All in all, I definitely let myself down when it came to trying to learn French. My instructor at Multilingual, Alison, was awesome and made class fun and interesting. The class was just the right size, with just three or four of us there each week. I would love to do it again if the timing just worked out better. In the meantime, I’m still going to do what I can to learn some French before I take off for Mali and Burkina Faso at the end of November.

Disclaimer: my French Beginner II class was provided by Multilingual on a complimentary basis, but my opinions and my inability to speak French are my own.

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5 thoughts on “How Not to Learn French (or any other language)”

  1. I understand the frustration you must feel. I am currently also learning a foreign language with my husband and fortunately we have tweaked the system to work to our advantage. I believe you’ve mentioned you got your course as a complimentary one. That’s nice, but one usually does not value things they get for free as much as things they have to pay for. I have never skipped my language class since I’ve been paying quite a considerable money for them. Also, now we have an arrangement of a teacher coming to our flat which saves us time. It also means we can switch times if our workload does not allow us to take the lesson in the usual time slot. Fortunately, the language school is quite used to servicing busy working people and is more than happy to suit our whims. It’s the more expensive option, but it makes us all that more committed because there’s not only our time, but also our money invested.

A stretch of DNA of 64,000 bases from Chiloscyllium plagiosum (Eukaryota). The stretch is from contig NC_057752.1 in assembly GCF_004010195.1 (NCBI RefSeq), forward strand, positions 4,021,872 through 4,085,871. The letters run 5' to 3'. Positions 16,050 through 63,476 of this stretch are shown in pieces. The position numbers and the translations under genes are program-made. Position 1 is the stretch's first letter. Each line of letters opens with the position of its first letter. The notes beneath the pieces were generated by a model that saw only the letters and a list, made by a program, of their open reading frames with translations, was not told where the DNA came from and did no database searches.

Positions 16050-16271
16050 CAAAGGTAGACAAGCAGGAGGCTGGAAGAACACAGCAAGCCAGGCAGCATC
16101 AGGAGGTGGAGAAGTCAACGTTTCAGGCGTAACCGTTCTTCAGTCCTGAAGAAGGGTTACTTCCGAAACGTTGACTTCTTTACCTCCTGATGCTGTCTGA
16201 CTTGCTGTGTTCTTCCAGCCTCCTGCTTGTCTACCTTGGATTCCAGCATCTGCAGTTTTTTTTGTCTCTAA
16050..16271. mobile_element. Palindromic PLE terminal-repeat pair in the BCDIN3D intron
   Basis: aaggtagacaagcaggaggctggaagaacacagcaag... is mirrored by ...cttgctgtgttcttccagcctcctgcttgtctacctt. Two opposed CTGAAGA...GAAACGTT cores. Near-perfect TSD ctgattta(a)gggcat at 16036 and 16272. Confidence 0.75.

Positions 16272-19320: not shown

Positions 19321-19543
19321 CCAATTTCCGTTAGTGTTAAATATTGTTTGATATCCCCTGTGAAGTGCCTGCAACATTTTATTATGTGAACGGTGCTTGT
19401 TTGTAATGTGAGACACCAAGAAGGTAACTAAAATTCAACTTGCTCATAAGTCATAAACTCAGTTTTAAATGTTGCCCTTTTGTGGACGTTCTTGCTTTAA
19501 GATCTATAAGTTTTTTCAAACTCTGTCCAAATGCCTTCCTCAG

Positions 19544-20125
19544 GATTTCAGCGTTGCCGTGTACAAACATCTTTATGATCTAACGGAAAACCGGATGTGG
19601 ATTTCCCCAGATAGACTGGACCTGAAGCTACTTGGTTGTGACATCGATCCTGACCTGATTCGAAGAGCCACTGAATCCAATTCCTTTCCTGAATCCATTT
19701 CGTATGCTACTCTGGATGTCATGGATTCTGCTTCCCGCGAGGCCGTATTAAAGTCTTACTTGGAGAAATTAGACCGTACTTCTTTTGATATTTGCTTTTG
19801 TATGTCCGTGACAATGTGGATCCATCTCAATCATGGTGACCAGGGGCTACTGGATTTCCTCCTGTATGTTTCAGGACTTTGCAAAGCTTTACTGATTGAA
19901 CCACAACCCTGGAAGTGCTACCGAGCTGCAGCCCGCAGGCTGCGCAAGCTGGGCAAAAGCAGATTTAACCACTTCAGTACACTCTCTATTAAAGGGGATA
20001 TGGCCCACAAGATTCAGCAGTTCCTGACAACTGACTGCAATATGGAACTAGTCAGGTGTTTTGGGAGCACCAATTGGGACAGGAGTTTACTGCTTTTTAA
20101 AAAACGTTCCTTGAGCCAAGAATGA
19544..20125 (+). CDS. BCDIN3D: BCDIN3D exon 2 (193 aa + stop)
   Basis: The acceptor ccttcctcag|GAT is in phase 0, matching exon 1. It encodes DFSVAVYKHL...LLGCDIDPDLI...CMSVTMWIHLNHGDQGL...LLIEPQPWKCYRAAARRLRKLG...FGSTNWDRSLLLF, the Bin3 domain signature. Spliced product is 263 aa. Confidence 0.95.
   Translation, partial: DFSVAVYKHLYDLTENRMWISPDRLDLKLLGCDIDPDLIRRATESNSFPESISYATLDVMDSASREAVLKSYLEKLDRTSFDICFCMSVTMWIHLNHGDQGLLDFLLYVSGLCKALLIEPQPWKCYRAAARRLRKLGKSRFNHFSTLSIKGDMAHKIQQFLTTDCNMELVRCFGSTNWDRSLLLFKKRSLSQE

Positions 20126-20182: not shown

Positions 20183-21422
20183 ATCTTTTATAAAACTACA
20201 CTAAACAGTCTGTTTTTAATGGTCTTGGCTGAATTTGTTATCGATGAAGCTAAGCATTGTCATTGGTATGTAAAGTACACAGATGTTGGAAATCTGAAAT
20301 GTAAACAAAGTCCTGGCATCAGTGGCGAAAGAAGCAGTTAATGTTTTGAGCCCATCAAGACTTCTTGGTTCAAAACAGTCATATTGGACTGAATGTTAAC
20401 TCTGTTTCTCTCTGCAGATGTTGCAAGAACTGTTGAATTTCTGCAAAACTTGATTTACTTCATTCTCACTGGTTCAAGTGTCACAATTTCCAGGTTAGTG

1. True, but even if I had paid for it, I would’ve missed the 3 classes – the one, I got stuck working late at an event and by the time I was able to leave, I would only have 20 minutes left of the class. The other was my trip to Bulgaria which had been planned for months – I picked Thursday night classes so I would only miss one class in Bulgaria instead of two. And then getting sick really couldn’t be helped – I felt miserable and I didn’t want to get the others in my class sick – I thought it would have been rude of me to go.

  2. I needed French to pass to college. My parents paid a lot of money on private tutors and various language courses. I saw that my results were not adequate to the cost, so I started looking for something different. I found on the internet this course: http://tinyurl.com/lwvu9wf . In comparison to other French courses was much cheaper, and the description contained more information 🙂 It was my hit the jackpot. Today, when I no longer have any problems with the French language, I’m recommending it to all my friends who also have problems with the language 🙂 I apologize in advance for the mini ad, but I think this particular course can help many people 🙂

  3. If you want a crash course weekend in speaking French before you leave, hop on a flight to Montreal. I’d be happy to help you out!